But, let's take a step back. Ars is a game about people. Some of these people have a great deal of power, but they are still people. Why do magi need to be able to withstand huge amounts of damage? What purpose, within the game, does that solve?
Champions killing damage is (or was, back in the day) very swingy; even a brick can be knocked out by one decent damage roll with a high STUN multiplier roll.
Levels are very useful. GMs can quickly stat up adversaries since a lot can be communicated and calibrated by "It's a Level X of Y." It gives players a solid idea of minimum and maximum power (skill levels, etc) appropriate for characters. And yes, level systems do not prevent players from "breaking" the system, but they more tractable than point-based systems in this regard. I don't think AM should go to a system with classes and levels, but both are useful and legitimate to consider even in a modern game design. (Heck, AM already is a class-based system! /2)
It depends on the starting points as it is a point based system. And there are always trade offs for doing it. And it is all relative as the people you might be facing can also deal and take massive amount of damage.
To me it is about individualization vs standardization. Levels came from the original tactical studies from which TSR sprang, and they made units more uniform for calculating battle effects. Every level based system has moved towards a points based variant for greater customization. Switching from a character driven system to a levels driven system is a great way to kill a product line, and I can guarantee I wouldn't be playing it. The only advantage to a levels based system is that you can start the game quickly without having to develop characters because you aren't really playing characters anyways...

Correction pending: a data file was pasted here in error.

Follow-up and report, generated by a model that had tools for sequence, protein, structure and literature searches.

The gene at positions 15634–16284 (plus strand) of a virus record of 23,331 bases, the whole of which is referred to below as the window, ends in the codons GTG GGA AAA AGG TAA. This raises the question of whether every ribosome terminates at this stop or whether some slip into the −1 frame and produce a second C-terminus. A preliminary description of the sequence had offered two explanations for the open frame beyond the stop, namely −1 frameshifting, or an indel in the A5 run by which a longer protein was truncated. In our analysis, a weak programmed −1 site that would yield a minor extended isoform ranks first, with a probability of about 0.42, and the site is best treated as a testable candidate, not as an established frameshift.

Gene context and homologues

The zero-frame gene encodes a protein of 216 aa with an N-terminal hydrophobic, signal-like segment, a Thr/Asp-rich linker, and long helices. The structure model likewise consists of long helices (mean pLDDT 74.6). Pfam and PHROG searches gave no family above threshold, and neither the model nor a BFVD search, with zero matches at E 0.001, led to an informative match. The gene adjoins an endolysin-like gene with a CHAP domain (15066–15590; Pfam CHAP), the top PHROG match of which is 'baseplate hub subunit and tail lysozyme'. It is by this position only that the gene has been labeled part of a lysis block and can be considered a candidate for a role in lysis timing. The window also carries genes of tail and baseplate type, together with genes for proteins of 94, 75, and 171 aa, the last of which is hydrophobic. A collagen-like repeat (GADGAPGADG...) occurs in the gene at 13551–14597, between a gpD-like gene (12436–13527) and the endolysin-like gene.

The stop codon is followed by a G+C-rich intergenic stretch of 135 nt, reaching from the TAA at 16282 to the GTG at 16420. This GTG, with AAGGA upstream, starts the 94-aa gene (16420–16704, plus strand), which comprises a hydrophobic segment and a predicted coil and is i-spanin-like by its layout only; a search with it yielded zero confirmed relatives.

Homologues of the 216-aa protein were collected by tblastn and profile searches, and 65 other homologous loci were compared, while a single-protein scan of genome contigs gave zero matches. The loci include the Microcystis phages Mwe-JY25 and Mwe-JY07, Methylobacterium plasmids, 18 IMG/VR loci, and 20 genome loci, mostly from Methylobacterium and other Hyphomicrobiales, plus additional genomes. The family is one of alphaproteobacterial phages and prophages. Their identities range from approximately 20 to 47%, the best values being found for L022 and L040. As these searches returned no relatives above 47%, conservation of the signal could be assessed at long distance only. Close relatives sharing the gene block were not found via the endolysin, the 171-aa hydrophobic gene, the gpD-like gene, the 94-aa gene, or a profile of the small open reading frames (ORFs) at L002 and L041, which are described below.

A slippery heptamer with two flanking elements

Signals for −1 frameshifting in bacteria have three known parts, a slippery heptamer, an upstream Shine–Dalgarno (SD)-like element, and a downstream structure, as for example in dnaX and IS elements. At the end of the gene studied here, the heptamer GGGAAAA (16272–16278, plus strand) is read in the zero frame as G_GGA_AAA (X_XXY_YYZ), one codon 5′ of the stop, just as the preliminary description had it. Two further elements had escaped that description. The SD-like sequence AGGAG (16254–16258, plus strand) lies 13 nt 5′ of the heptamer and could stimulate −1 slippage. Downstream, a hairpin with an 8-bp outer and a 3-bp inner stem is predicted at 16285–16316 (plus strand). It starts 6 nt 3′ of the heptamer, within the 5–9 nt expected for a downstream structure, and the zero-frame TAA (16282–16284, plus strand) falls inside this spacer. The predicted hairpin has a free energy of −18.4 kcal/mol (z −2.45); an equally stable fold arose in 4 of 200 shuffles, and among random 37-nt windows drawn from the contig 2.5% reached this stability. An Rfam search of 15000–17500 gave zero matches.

I think this is structural within ArM, because it's not a superhero game. Game mechanics come from a guiding philosophy, and ArM focuses in no small part on the mortality of humans in the Middle Ages.
Generally, a single sword blow can kill or maim an unprepared person, and that's on purpose. The miraculousness of magi are that they can easily transcend some of the limitations of mortal men, not that they are demigods out of the box.
Seriously: any game where the RaR requires spending 15 years to be able to have a basic shield against the supernatural and to hurl fire bolts only with extensive specialization is not a game that philosophically is designed for superhero-style play. Pick another set of rules if that's what you're looking for.
Not the same thing. Having a vulnerability is not the same as warding a vulnerable character.
I'm not sure that they need to be able to withstand huge amounts of damage. All I'm saying is that for other games, for high-action adventure games with ever-escalating stakes, for D&D - the class-level system is great.
The big advantage to having levels - or at least, high-resilience - in Ars Magica is that it would allow good defense against indirect combat spells. As a side-benefit, it would also make wizards control nature, rather than a "magical medium". I'm not sure these advantages are enough to offset the resulting ability of mages to shrug off the mundane's pitchforks. The only reason I'm wavering on this is that they can shrug them off anyway, with a little preparation. Still, I think the "they're still human" idea wins at the end.
Yes, I think that's a key part of ArM. A key part of why it's set up the way it does, and why levels won't work for it.
Levels are to make things even in a fight because that is all they are about. Ars and Champions do not have levels so they are about the characters and what they can or cannot do. I was looking more at the systems rather and the genres